Oman hikes taxes on petrochemical companies
Muscat - Oman will significantly increase taxes on petrochemical companies to tackle its budget deficit, the latest Gulf Cooperation Council (GCC) country to adjust to harsher economic conditions brought on by low oil prices.
Both the sultanate’s Consultative Assembly and the Council of State endorsed a proposal that would result in a significant tax hike on the petrochemical industry, non-oil natural resources and liquefied natural gas (LNG) companies. The legislation, which needs to be approved by Sultan Qaboos bin Said Al Said, will lead to petrochemical industry and non-oil natural resources export taxes rise from 12% to 35%. Taxes on LNG firms will see a spike from 15% to 55%.
Additionally, a corporate tax increase will increase rates from 12% to 15%, which, according to assembly member Tawfiq al-Lawati, could bring in as much as $650 million annually.
Oman’s oil resources are not as big as other GCC members, such as Saudi Arabia and the United Arab Emirates. According to financial intelligence firm FocusEconomic, Oman has reached its oil production capacity, while the Organisation of the Petroleum Exporting Countries (OPEC) continues to struggle to agree on production level.
Oman in 2015 established a record, producing 1 million barrels per day, which, along with an invigorated tourism sector, helped boost the economy. However, the sharp fall in oil prices severely affected government revenue.
“Against this backdrop, the government announced spending cuts at the beginning of the year and is expected to tap international bond markets and issue its first international bond in two decades as a necessary step towards shoring up its finances,” FocusEconomic said in a report.
The International Monetary Fund (IMF), after an official visit to the sultanate, said “authorities have taken bold measures to limit the impact of the fall in oil prices on the fiscal deficit, including cutting spending on wages and benefits, subsidies, defence, and capital investment by civil ministries. These measures are projected to reduce expenditures in 2016 by $4.5 billion; however, these savings will be largely offset by the projected drop in hydrocarbon revenues, resulting in a deficit broadly unchanged at 17.1% of (gross domestic product).”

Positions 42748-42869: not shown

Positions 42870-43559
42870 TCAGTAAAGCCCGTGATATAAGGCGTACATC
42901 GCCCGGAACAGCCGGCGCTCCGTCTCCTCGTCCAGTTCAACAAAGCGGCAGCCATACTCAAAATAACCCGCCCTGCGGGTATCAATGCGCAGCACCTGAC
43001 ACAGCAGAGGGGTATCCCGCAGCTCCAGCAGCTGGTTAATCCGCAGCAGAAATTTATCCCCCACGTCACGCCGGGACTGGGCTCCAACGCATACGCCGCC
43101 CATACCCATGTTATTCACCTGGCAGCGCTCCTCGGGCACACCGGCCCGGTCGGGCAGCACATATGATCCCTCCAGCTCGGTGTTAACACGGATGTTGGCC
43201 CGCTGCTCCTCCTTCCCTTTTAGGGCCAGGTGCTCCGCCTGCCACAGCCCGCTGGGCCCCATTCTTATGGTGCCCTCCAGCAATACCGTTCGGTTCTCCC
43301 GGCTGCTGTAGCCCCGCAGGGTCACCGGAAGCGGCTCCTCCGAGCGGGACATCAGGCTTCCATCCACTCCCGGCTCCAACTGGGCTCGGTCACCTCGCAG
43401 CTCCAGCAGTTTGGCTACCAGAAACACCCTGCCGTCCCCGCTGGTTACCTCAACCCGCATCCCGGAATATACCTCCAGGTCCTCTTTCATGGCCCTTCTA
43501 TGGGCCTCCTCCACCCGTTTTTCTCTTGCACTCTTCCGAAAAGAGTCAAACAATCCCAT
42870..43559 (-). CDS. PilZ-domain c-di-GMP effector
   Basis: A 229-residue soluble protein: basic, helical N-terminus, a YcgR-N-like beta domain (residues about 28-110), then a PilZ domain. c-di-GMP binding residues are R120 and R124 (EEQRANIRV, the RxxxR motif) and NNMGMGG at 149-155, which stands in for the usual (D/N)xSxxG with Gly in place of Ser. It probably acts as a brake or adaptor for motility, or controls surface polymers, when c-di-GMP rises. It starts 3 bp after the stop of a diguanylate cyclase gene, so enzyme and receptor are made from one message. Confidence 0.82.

The sustained effects of these measures, the IMF said, combined with the planned increase in corporate income tax from 2017 and the introduction of a value-added tax in 2018, would narrow the fiscal deficit over the medium term.
The IMF said the state of oil prices had underscored the need to accelerate economic diversification and increase the role of the private sector. Enhancing the business environment, improving government efficiency and passage of the Foreign Investment Law would facilitate increased private sector investment, it said.
Raising the quality of education would enhance Omanis’ employment opportunities in the private sector and progress in developing the small and medium-sized enterprise sector could help generate jobs and increase non-hydrocarbon exports.
Oman’s ninth five-year development plan (2016-20) set a goal of diversifying the sultanate’s economy, according to Intisar Bint Abdullah al-Wahibiah, director-general of developmental planning at the Supreme Council for Planning.
“The national development plan, taking stock of the achievements of previous plans, aimed to lay the ground for a strategy for economic diversification through maximising benefit from the five promising sectors of manufacturing industry, transport, logistic services, tourism, fishing and mining,” she said.
All members of the GCC are introducing economic reforms, with diversification as their main goal. As a consequence, Gulf Arab states have curtailed spending on construction projects and some have reduced energy subsidies to limit budget deficits caused by low oil prices.